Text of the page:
Review of The Wild Parrots of Telegraph Hill Directed by Judy Irving
This documentary is about a flock of wild parrots who have taken up residence in San Francisco in an area known as Telegraph Hill. It is also about an unemployed man who takes care of the parrots and the relationship he has with the birds.
A friend of mine once owned two parrots. Their names were Tico and Taco. What I remember about them was that my friend's house was a disaster area. The birds had destroyed the blinds, carpet, and walls. I also remember the fondness my friend had for the birds. After watching this film, it's easy to see why.
The first ten to fifteen minutes of the film look and feel like a national geographic film on parrots. But as the film progresses, it becomes much more. It's about freedom — both for the birds and for Mark Bittner, the man who takes care of the birds. It's also about social status – both in the animal kingdom and in our own world.
The two stories — Mark's story and the Parrots' story — are expertly intertwined. There is conflict in both. The conflict in both stories involves survival.
The director, Judy Irving, somehow manages to bring images to every story and anecdote that Mark narrates. Whether the story came first and Judy found images to match, or the images came first and Mark narrated after the fact, makes little difference because they match up perfectly.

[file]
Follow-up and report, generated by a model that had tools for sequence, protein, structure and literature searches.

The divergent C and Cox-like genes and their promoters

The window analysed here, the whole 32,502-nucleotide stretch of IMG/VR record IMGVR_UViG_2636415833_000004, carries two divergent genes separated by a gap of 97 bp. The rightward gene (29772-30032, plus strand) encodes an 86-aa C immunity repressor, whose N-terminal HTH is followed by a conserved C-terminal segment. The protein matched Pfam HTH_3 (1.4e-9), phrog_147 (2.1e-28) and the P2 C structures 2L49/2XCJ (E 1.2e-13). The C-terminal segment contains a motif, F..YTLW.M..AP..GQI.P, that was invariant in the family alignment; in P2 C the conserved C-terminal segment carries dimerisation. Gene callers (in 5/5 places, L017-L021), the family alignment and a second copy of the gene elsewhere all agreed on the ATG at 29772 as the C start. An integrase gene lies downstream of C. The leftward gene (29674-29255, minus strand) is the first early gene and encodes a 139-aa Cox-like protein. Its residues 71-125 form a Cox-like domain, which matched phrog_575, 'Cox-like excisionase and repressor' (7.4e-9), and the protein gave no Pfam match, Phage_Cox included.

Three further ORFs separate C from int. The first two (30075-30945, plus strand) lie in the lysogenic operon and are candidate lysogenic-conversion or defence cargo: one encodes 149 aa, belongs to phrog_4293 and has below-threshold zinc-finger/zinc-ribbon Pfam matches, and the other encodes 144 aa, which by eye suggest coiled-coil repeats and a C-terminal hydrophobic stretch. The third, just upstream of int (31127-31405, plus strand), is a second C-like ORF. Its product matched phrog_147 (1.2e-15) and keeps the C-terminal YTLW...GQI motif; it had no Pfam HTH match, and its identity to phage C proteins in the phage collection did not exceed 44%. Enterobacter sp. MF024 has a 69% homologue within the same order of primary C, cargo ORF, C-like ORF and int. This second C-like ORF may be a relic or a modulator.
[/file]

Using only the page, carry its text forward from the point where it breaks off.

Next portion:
Mark, who had aspirations as a musician, befriended a couple who let him stay rent free in a small residence on Telegraph Hill. When the owners decide to renovate, they have no choice but to ask Mark to leave. What will happen to Mark? What will happen to the parrots? These are the questions that keep the viewer involved in the film. The resolution to these issues are unexpected but satisfying.
The DVD had a few extras including an update on the birds, but no audio commentary. I think they missed the boat on that one. This is one DVD that could have benefited from an audio commentary from both Judy and Mark. As a result they get four stars instead of five. Still, that's good enough for my best of 2009 list.